Thinking about running a Shadowrun game. I'm a 2E vet. Have not played any other editions, but have 5E core rulebook. I'd like to know which edition is most streamlined. You'd assume the most recent edition would be most stream-lined, but 5E is actually quite daunting. I know Shadowrun is not a rules-lite game, just looking for the simplest version of it to introduce new players to.

By streamlined I mean:

  • Has the fewest core rules that I must remember. It's OK if there are a lot of optional sub-systems. For the record, I don't consider decking to be an optional sub-system.
  • The core mechanic is quick to resolve. 5E looks like it has this one over 2E, but I think 4E uses the same core mechanic as 5E.
  • Is least over-whelming to players who are new to the system, i.e. will let them participate in character creation without spending all night on it, and without forcing us to use pre-gens to avoid the hassle.
  • Has (reasonably) logically organized content. There are a lot of complaints on the inter-webs about poorly organized content in 5E.
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    \$\begingroup\$ This will probably not be that much help for you, but it is worth noting for other people coming across this question: The german 5e books are in many cases a lot better when it comes to organizing content. At least compared to the original english books. \$\endgroup\$ – Patta Mar 7 '16 at 15:33
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    \$\begingroup\$ Worth noting for posterity's sake, but if learning German is easier than grokking the book in English, then 5E has some serious problems, lol ;P \$\endgroup\$ – He'sJustThisGuyY'know Mar 7 '16 at 15:42
  • \$\begingroup\$ I would not go that far, but in some cases its close :D \$\endgroup\$ – Patta Mar 7 '16 at 15:44
  • \$\begingroup\$ Would you be interested in answers that are Shadowrun hacks of other systems? \$\endgroup\$ – Mike Riverso Mar 7 '16 at 21:45
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    \$\begingroup\$ Thanks for the offer. As written, this question pertains only to the editions of the game released by the publishers. While I'm curious about hacks of the game, it isn't fair to answerers to change the basis of the question to include hacks at this point. Also, to include hacks in the list of Shadowrun editions makes the question impossibly broad. \$\endgroup\$ – He'sJustThisGuyY'know Mar 7 '16 at 21:55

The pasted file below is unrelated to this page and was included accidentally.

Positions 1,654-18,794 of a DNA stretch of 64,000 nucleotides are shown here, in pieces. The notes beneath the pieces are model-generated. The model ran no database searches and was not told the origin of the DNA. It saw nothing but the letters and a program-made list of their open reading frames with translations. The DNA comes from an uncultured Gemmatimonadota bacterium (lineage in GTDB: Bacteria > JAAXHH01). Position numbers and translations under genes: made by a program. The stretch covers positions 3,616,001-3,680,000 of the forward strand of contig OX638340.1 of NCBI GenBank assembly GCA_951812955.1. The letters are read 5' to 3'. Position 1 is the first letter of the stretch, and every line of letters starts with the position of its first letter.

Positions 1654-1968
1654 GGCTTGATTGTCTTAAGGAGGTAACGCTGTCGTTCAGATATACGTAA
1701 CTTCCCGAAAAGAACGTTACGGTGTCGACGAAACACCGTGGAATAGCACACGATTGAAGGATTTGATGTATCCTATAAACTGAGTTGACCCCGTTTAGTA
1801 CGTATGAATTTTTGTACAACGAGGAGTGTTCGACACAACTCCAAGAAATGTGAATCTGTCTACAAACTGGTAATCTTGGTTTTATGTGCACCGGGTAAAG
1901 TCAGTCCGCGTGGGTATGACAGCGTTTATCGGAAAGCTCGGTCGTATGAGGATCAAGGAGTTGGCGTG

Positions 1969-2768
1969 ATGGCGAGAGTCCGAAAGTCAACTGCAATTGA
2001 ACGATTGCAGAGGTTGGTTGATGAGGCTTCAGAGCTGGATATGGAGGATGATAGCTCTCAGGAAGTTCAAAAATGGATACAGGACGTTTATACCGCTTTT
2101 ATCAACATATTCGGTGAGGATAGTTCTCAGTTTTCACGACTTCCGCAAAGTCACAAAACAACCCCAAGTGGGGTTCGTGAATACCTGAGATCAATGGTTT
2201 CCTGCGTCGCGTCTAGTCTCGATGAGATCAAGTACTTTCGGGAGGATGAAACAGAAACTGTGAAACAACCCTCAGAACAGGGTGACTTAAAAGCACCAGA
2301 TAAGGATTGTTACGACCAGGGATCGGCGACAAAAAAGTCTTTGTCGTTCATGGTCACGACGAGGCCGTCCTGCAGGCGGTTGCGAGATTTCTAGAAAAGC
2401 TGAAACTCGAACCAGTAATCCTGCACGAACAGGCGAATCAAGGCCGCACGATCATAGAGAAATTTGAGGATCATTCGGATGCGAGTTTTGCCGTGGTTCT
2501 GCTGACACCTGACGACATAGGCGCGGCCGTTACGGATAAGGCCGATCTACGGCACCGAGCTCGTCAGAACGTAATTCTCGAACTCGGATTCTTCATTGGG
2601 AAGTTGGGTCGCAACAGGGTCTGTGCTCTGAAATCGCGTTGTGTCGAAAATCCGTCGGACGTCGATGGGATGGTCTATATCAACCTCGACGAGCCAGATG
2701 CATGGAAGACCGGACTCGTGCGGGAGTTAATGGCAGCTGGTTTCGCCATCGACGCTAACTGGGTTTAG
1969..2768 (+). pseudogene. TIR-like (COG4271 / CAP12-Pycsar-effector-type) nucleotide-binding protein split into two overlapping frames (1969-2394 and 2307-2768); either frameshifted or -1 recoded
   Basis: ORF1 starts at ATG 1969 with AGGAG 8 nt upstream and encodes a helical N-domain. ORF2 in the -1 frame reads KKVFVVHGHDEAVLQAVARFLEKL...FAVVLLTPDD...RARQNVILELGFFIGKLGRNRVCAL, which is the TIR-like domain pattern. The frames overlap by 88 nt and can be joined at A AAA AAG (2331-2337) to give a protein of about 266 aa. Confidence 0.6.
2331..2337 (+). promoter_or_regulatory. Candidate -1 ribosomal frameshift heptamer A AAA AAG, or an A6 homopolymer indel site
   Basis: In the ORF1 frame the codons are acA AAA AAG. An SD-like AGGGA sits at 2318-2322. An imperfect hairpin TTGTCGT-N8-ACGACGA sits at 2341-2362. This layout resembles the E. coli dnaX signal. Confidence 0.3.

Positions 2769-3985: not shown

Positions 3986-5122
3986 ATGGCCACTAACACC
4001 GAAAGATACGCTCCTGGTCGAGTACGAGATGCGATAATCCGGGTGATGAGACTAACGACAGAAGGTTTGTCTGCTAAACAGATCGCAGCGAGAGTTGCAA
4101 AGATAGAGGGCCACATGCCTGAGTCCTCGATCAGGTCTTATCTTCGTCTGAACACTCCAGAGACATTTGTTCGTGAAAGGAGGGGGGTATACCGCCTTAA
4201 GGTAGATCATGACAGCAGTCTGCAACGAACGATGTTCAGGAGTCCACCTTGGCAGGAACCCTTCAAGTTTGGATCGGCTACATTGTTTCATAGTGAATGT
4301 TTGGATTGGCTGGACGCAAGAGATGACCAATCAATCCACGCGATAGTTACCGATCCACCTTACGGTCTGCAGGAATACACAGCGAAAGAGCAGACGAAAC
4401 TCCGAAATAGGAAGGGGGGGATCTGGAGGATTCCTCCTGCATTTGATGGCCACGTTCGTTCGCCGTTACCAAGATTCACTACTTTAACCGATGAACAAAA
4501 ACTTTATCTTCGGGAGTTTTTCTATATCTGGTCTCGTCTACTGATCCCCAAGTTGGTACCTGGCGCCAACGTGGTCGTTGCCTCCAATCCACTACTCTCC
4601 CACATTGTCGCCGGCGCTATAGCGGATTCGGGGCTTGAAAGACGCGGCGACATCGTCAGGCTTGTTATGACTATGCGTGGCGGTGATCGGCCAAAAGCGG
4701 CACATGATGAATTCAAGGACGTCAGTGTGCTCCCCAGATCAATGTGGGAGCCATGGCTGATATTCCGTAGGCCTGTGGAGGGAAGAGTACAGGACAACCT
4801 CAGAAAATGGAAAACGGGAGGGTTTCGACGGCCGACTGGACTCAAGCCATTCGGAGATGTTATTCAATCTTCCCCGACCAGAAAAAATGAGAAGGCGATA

I've played and run a couple of sessions using 4E anniversary edition, and I've bought, read and planned sessions for 5e but never got to actually playing it.

With that said, I've found 4e to be less of a hassle to run in general, but more complicated to build characters for because it is entirely modular using a build point system rather than the priority system that is back in 5e. To answer your question point by point

  • You only need the core book in either 4e or 5e, there are not a lot of optional systems in it but all the rules are in one book.
  • The core mechanic to resolve is the same, but in 5e you have to keep track of limits which adds some hassle to the game. The matrix also seems easier to follow at first in 5e, but then technomancers have changed and use different powers than hackers, you have to keep track of your matrix "heat" score and your marks. In the end, to me at least, the matrix was as complicated as 4e, just a different kind of complicated.
  • 5e is definitely easier to build characters for because you have easy choices with the priority system. 4e does showcases archetypes in the books and how to build them, but the characters do not fit perfectly the system and are suboptimal. There is no easy starting point or gauge for your character until you know the system a little bit
  • In both edition I found the rules parts of the game to be spread throughout several chapters, intertwined with fluff and easy to miss.

In this light, and with the experience I had, I would definitely go with 4e more than 5e. Considering you have zero experience with either, and you want players to build characters quickly and participate quickly, 5e seems a little better suited for you.


The most streamlined edition by far, is Shadowrun: Anarchy. It's explicitly a light-weight system that doesn't try to simulate everything in detail the way the regular Shadowrun editions do.

Of the regular editions, I hear good things about the SR4 20th Anniversary Edition, which is apparently a lot better organised than the original SR4 core book or SR5. Sadly, I don't have it.

I'm not familiar with decking in SR4, but I've heard that decking in SR5 is a lot smoother. In other areas, I think SR4 is slightly smoother, even if only due to the lack of limits.

The advantage SR4 and SR5 have over older editions, is that they got rid of variable target numbers. That was certainly an interesting mechanic, but lead to weird results sometimes.

Ultimately, though, every edition of Shadowrun is monstrously complex. Character creation is greatly helped by software. Herolab, for example, makes it really easy to fiddle with your priorities and compare the results. It's quite expensive, though. But if you can afford it, it's a good investment.


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